Slive losing patience with NCAA's inaction on host of issues

Mike Slive makes it known that if the NCAA does nothing, the conferences will act. (USATSI)
Mike Slive makes it known that if the NCAA does nothing, the conferences will act. (USATSI)

HOOVER, Ala. -- Commissioner Mike Slive enjoys making his yearly remarks to open the SEC's football media days.

It is an opportunity for him to take a few minutes to brag about the conference. And with seven consecutive BCS championships in football and a slew of national titles in other sports, Slive has reason to be proud.

But Slive also uses this annual opportunity to push for the things are important to him. And on Tuesday, with more than 1,000 media members present, the 73-year-old former judge threw down a subtle, but effective, gauntlet in front to the National College Athletic Association.

His message to the NCAA? It's time for you to lead and bring about the change that is needed in college athletics. If not, it's probably time for the conferences to step in and make the changes on their own.

At these meetings two years ago Slive called for a number of changes, particularly an adjustment in the value of an athletic scholarship to cover the full cost of attendance. That is a dollar figure established for each school that goes beyond the scholarship -- which includes room, books, board, and tuition -- to provide a stipend that covers the inevitable incidental expenses all college students incur.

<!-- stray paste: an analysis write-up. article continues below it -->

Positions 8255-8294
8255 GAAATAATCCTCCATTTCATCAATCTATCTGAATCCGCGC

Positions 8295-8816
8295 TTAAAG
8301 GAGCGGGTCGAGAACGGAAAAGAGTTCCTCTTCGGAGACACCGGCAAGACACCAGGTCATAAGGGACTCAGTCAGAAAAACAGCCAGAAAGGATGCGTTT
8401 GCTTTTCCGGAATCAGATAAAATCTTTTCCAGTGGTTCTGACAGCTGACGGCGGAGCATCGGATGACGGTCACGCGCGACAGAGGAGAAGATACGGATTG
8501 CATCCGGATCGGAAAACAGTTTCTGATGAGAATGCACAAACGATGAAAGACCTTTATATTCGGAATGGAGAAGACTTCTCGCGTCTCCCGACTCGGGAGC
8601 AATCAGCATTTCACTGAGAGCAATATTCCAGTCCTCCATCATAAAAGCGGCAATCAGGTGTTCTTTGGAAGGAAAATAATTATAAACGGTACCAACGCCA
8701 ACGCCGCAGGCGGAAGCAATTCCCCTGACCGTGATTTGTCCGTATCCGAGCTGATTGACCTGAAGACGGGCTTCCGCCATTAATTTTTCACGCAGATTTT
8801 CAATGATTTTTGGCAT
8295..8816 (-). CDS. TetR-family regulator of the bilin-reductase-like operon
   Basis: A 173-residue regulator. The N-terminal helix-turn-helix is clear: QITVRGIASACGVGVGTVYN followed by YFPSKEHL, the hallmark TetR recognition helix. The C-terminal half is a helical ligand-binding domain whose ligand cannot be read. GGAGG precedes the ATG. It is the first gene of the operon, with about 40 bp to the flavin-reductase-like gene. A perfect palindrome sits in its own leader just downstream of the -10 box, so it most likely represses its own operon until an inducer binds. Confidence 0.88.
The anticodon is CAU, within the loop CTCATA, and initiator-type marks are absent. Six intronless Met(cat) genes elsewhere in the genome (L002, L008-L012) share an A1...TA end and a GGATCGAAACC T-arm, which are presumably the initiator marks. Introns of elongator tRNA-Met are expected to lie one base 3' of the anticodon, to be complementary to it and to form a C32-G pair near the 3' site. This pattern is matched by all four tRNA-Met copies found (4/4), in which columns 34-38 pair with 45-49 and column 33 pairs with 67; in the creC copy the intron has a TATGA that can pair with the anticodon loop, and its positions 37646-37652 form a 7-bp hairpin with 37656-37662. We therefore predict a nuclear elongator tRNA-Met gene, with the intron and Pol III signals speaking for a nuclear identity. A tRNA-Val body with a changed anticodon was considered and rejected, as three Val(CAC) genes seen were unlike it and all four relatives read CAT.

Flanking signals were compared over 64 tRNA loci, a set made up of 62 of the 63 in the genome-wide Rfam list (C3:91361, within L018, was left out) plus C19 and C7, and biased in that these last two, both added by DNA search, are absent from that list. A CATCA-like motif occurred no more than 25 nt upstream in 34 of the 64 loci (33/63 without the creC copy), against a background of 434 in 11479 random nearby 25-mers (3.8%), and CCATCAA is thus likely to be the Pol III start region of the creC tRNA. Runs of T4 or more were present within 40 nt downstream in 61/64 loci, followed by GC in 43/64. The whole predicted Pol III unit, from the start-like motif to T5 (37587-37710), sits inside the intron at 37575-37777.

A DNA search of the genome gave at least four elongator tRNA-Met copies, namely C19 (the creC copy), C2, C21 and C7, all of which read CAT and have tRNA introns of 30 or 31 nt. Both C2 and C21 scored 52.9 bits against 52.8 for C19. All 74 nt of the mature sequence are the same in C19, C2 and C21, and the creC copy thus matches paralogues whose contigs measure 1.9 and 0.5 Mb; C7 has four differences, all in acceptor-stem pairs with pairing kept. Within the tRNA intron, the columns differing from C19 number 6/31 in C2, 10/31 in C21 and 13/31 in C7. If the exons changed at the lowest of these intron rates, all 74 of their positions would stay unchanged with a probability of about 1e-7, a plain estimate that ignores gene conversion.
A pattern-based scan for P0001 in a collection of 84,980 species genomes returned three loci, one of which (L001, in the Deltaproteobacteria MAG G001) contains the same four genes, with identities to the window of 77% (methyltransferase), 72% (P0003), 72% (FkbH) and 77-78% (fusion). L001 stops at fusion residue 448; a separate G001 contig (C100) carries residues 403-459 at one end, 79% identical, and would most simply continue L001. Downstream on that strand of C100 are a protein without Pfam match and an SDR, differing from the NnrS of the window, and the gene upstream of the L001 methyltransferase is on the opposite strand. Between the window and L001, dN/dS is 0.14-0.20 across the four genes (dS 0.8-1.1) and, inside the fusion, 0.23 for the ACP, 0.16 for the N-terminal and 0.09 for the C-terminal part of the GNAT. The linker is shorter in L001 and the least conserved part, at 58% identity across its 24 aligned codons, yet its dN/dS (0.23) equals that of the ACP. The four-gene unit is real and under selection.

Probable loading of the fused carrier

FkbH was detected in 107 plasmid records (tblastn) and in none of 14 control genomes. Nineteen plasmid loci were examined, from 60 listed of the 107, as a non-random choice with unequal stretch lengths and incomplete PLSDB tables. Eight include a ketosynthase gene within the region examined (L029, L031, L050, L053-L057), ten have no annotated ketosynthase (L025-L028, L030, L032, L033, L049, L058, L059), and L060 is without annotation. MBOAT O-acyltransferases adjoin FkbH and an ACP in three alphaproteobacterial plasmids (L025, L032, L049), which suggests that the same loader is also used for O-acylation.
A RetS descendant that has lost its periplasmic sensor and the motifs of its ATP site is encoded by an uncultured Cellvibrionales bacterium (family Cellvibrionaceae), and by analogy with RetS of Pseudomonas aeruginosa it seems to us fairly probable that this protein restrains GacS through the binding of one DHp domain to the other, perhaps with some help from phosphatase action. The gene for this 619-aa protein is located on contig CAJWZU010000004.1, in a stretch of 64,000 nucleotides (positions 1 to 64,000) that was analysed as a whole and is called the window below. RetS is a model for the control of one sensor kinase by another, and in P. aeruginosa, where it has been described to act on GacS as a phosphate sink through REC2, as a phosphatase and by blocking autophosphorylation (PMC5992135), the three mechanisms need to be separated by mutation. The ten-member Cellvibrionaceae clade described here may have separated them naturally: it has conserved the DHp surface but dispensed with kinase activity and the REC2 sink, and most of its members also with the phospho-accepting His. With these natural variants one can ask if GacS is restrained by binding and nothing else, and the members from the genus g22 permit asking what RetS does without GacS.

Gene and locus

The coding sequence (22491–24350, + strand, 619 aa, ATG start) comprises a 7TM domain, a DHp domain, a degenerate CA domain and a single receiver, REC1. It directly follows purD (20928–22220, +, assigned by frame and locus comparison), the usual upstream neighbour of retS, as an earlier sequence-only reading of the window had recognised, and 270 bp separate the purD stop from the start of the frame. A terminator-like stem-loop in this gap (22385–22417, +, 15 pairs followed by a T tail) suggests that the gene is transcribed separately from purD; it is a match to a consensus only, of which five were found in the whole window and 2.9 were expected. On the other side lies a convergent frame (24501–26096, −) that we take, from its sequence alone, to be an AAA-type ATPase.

Like most good ideas that go into the maddening abyss that is the cumbersome NCAA governance structure, this one has basically gone nowhere. You could hear the frustration in Slive's voice.

"The NCAA has not been successful in meeting the full cost of attendance of our student athletes, whether through the so-called miscellaneous expense allowance or some other model that provides broad access to additional funds," said Slive, about to begin his 12th year as commissioner.

The issue, in a nutshell, is that some schools can afford to pay the stipend and some can't. Those that can't are able to keep the idea bottled up. Those that can, like schools in the SEC, are getting tired of it.

"Conferences and their member institutions must be allowed to meet the needs of their student-athletes," Slive said.

And then he said this: "In recent conversations with my commissioner colleagues, there appears to be a willingness to support a meaningful solution to this important change."

Translation: All of the schools playing big boy football are on this train and it is getting ready to leave the station. We would like for the NCAA to be on board. But if we have to, we will leave without you.

Slive also expressed concern that the NCAA has been unable to "hit the reset button" on recruiting regulations. The NCAA put together a modest proposal that would have eliminated some 25 pages in the rule book that included ridiculous regulations such as limiting text messages, etc. Even those minor changes could not get passed.

"While progress has been made, the efforts at sweeping reform fell short of our desired goal of resetting the approach [on recruiting]," said Slive. "In some areas we remain bound by what has been the way we've always done it rather than being motivated to see a better way to achieve the new result."